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Bullet Journaling for Beginners (and Impatient, Unartistic People Like Me)

One notebook and just 15 minutes a day can change your life

Credit: María Garrido via flickr/CC BY-NC 2.0

“Forget about what you see online. It’s not about how it looks; it’s about how it feels, and, most importantly, how it works for you.”

In other words, don’t worry if your handwriting looks like chicken scratch. You don’t need to learn calligraphy or buy up every supply at the craft store.


Bullet Journaling for Beginners: 8 Steps to Get Started

Step 1: Adjust Your Mindset

Your first notebook will be your learning notebook. Like any productivity method, it will take time to find a bullet journaling flow and structure that works for you. Don’t prematurely optimize and go all out with a handmade leather journal. That’s too much pressure. Any creative endeavor involves letting go of perfection. Bullet journaling is no different. Make a mess.

Step 2: Get a Journal and Writing Utensils

Start with an inexpensive notebook — one you like but feel okay making mistakes in or throwing away if it doesn’t work out. Opt for a journal with blank pages (lined or unlined, your choice) instead of one with preexisting sections so you can customize it. As for writing tools, I start with a pencil so I can erase easily. But if you’re a die-hard ballpoint pen person or gel pen lover, you do you.

Step 3: Start an Index Page

The index is the backbone of your BuJo system. Think of it like the table of contents in a book. This will be your reference key to find certain sections or pages in your bullet journal.

Credit: Claire via flickr/CC BY-NC-ND 2.0

Step 4: Create Logs

Logs are staples of the bullet journal system. Essentially, these are places where you can brain-dump tasks and projects you’re currently working on. It’s also your storehouse for future goals.

  • Monthly logs include things like calendars and categorized goal lists for the next 30 days.
  • Daily logs may includes entries of to-dos, meetings, and reminders.
Credit: John Uri (CC BY 2.0) and flakyredhead (CC BY-NC-ND 2.0) via flickr

Step 5: Pick Signifiers

Many people use bullets for lists of tasks, circles for events, and dashes for notes. Stars commonly denote high-priority items. Of course, this is all is customizable, and over time you’ll arrive at a system of symbols that’s unique to you. You’ll track personal signifiers on a reference page.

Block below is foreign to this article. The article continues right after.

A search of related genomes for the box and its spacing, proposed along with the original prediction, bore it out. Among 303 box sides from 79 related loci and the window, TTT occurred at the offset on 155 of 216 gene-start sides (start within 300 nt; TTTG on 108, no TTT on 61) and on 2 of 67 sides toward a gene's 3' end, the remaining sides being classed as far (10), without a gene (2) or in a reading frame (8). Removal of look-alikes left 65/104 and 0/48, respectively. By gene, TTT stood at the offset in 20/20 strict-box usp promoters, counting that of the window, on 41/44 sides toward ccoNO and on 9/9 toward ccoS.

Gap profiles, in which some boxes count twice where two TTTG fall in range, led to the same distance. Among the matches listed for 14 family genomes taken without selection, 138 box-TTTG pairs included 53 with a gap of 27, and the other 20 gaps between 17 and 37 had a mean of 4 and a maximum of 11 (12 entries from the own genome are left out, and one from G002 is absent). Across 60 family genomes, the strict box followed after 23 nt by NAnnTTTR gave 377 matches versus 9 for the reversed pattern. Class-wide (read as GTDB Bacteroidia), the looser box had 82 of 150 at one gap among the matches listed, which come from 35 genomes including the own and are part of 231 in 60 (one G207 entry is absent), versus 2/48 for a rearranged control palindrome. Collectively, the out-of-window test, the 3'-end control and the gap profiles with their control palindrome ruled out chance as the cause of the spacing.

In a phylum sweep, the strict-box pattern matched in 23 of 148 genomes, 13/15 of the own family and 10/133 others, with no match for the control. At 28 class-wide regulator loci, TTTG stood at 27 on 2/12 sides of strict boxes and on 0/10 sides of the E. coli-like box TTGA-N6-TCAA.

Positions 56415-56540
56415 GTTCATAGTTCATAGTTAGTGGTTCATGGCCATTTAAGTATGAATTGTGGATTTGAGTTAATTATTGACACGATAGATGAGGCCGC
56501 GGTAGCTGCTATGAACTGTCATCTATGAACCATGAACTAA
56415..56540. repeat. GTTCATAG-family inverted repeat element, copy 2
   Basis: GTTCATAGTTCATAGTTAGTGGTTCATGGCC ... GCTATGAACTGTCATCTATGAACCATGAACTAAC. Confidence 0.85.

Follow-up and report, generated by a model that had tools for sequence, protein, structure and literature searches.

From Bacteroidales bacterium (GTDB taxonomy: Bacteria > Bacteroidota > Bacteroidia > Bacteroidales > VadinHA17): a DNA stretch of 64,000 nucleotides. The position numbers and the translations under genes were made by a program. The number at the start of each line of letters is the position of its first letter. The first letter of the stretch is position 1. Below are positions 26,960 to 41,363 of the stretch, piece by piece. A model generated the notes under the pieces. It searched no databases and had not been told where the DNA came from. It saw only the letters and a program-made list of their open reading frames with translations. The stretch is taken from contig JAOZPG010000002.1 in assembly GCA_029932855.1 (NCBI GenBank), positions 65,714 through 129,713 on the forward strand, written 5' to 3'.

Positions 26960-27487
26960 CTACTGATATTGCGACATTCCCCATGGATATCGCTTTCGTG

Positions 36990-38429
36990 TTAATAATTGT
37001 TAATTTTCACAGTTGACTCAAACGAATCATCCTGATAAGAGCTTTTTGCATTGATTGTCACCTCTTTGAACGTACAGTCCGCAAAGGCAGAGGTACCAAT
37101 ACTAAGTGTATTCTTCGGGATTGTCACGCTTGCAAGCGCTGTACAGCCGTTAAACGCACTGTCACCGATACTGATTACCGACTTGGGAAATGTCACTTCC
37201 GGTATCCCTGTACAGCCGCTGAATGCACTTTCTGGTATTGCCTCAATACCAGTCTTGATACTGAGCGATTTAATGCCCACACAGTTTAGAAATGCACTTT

Step 6: Document Items with Collections

Collections are running lists and anything you want to remember for later:

  • Movies you want to watch
  • Friends you want to reconnect with
  • Things you’re grateful for
  • Blog topics
  • Self-care ideas

Step 7: Make Time for It

Schedule time to update your journal. After all, no productivity method works unless you put effort into it. Cross off items on your daily and monthly logs as you complete them. Write page numbers on the bottom of each page, and update your Index. Many BuJo enthusiasts do a monthly or quarterly review, taking time to reflect on what they accomplished and their future goals and to transfer items from one log to the next.

Step 8: Get Better, Gradually

Over time, you’ll home in on a bullet journaling process that fits your needs and preferences. Once you get your standard page formats down, you can move on to optimizing your process in other ways. Maybe you work on improving your handwriting. Or add washi tape to make finding frequently flipped-to pages easier. There are lots of helpful online resources created by the innovative BuJo community.


Why It Works: The Psychology of Bullet Journals

According to neuroscientists, a bullet journal helps you externalize thoughts. Put simply, this frees up mental space so you can think more clearly and concentrate better. You don’t have to waste valuable energy remembering everything. Instead, your life is captured on the pages of your journal. Now you can be more present and at ease in the moment without worrying that you’re forgetting something.


Blending Bullet Journaling with Digital Tools

Fortunately, there are ways to get the benefits of bullet journaling without abandoning the tech tools you’ve come to rely on.

  • Complement your daily and monthly logs by putting additional reminders and appointments in your digital calendar.
  • Take meeting notes in your bullet journal, then snap a photo or use a dictation tool to share it with teammates.

Melody Wilding, LMSW

Written by

Workplace success coach for sensitive high-achievers. Professor. Get 3 strategies execs @ Google & Facebook use to control stress melodywilding.com/guide